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Non-Fungible Tokens (NFT) Newsroom

Quentin Tarantino Responds To Miramax's Lawsuit

Quentin Tarantino Responds To Miramax's Lawsuit

A few weeks ago, we wrote about Miramax’s lawsuit against Quentin Tarantino and others over Tarantino’s plan to auction off NFTs based on the Pulp Fiction film. On December 9, 2021, Tarantino and his corporation filed a blistering answer with nine affirmative defenses in which they describe the lawsuit as an “offensively meritless” action filed by Miramax, “a shell of its former self and flailing under a new ownership consortium.” Today’s blog post will examine the parties’ dispute in closer detail.

At issue is Tarantino’s right to mint and auction off his NFTs, which consists of his uncut handwritten scripts from the Pulp Fiction film and exclusive commentary from Tarantino himself. The complaint describes a number of agreements that govern the parties’ relationship, but the operative provision appears in the parties’ original June 1993 agreement. Under that agreement, Tarantino granted Miramax:

all rights (including all copyrights and trademarks) in and to the Film (and all elements thereof in all stages of development and production) now or hereafter known including without limitation the right to distribute the Film in all media now or hereafter known (theatrical, non-theatrical, all forms of television, home video, etc.) but excluding only the following rights (“Reserved Rights”) which are reserved to Tarantino . . .

The rights that were excluded, i.e., Tarantino’s “Reserved Rights,” are:

soundtrack album, music publishing, live performance, print publication (including without limitation screenplay publication, “making of” books, comic books and novelization, in audio and electronic formats as well, as applicable), interactive media, theatrical and television sequel and remake rights, and television series and spinoff rights. Exercise of certain of the Reserved Rights is subject to restrictions set forth elsewhere in this agreement. Tarantino shall have the right to use the title of the Film in connection with the exploitation of the Reserved Rights. . .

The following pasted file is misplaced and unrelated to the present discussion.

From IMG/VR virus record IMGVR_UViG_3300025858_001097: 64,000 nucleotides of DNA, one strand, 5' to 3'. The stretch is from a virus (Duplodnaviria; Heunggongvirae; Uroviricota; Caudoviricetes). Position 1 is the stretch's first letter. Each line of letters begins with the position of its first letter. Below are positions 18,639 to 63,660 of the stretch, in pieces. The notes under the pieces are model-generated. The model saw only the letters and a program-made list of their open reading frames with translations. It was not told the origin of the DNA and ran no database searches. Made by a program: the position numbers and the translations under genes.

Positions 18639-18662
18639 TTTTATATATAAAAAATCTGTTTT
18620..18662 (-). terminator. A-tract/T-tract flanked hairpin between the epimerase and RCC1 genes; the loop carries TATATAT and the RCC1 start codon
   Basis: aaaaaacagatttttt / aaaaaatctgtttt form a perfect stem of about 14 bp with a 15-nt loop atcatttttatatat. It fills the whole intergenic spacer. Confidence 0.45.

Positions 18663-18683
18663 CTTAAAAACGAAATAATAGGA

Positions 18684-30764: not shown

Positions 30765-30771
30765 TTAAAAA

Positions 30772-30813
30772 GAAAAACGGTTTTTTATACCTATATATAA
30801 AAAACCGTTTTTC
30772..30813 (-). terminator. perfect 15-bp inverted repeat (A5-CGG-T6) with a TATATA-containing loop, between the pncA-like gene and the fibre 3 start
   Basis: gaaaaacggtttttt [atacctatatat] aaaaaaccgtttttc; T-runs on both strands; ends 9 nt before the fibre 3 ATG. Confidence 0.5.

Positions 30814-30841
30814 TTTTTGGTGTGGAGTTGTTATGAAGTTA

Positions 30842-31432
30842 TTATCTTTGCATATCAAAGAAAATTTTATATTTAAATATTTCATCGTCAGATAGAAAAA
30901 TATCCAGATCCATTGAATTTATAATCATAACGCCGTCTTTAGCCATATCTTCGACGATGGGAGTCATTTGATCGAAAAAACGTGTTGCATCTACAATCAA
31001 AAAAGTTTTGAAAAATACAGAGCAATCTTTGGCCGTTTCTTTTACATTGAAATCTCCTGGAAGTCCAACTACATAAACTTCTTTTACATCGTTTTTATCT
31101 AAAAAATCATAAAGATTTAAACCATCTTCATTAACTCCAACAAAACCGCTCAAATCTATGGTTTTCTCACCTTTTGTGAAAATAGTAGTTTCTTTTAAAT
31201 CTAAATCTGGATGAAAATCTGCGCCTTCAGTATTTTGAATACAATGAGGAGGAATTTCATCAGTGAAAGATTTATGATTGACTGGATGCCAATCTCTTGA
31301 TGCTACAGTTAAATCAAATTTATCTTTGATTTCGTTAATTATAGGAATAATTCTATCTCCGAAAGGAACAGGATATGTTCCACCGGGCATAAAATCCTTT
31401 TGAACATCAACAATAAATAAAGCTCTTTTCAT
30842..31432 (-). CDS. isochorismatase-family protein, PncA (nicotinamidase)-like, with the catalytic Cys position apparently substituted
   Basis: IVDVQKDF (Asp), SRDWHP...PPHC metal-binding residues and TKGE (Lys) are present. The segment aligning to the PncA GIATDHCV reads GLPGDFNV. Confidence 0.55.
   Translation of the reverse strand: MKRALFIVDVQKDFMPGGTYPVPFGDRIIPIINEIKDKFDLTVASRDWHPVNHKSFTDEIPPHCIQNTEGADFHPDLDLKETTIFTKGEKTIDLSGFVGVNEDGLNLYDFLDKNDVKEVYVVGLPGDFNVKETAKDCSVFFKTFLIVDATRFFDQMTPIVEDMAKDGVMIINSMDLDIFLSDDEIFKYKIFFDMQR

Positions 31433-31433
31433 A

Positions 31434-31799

According to Tarantino, he “has every right to publish portions of his original handwritten screenplay for Pulp Fiction, a personal creative treasure that he has kept private for decades.” He alleges that his “contracts clearly and unambiguously grant him the opportunity to do so – those rights were carefully identified, bargained for and memorialized.” Miramax, according to Tarantino, is using “the concept of NFTs to confuse the public and mislead th[e] Court in an effort to deny artists such as Tarantino their hard earned and long-standing rights.”

In contrast, Miramax contends that “the proposed sale of a few original script pages or scenes as an NFT is a one-time transaction, which does not constitute publication, and in any event does not fall within the intended meaning of ‘print publication’ or ‘screenplay publication.’ The right to sell NFTs of such excerpts of any version of the screenplay to Pulp Fiction is owned and controlled by Miramax.”

Thus, the heart of this lawsuit turns on contract interpretation, and whether Tarantino’s NFT sale falls within the scope of his Reserved Rights. If it does, then the copyright infringement claim falls by the wayside because there can be no infringement of any copyright if Tarantino is within his contractual right to release the NFTs. Of course, NFTs were not around back in 1993 when the parties signed the agreement, and no provision enumerates the right to mint and sell NFTs. But at least for this author, based on the language of the agreement, Tarantino appears to have the better argument that he is within his rights to publish his screenplay as a NFT, which encompasses his right to publish in “audio and electronic formats as well,” and to use the name Pulp Fiction in connection with this right.

Miramax, however, contends that Tarantino’s NFT sale does not constitute a “publication.” Miramax appears to rely on the notion under US copyright law that “[t]he showing of a work to a select group of people for a limited purpose (such as to seek commentary or criticism) does not constitute ‘publication’ within the meaning of the copyright law . . . .” See, e.g., Penguin Books U.S.A., Inc. v. New Christian Church of Full Endeavor, Ltd., 288 F. Supp. 2d 544, 555 (S.D.N.Y. 2003). But this argument would require convincing the judge to adopt a technical, legal meaning of the term, and relinquish the familiar canon of contract interpretation which calls for the plain, common, or normal meaning of language to be given to the terms of a contract. And even if Miramax were correct in how the term publication should be construed, Tarantino’s NFT release allows the purchaser the freedom of “[s]haring the secrets publicly with the world.
The US Copyright Act defines the term “publication” to encompass "[t]he offering to distribute copies or phonorecords to a group of persons for purposes of further distribution...”. It would appear that is precisely what Tarantino is doing by his NFT auction.

A scheduling conference has been set for February 24, 2022 in this case. Whichever way this dispute unfolds, one implication of this case may be that it is causing businesses and creators alike to examine old contracts to determine the scope of his, her, or its rights when it comes to minting and selling NFTs. And going forward, legal practitioners may well want to draft and negotiate language with not only NFTs in mind, but other as-yet unknown forms of technology.

Stay tuned for more updates from the NFT Newsroom.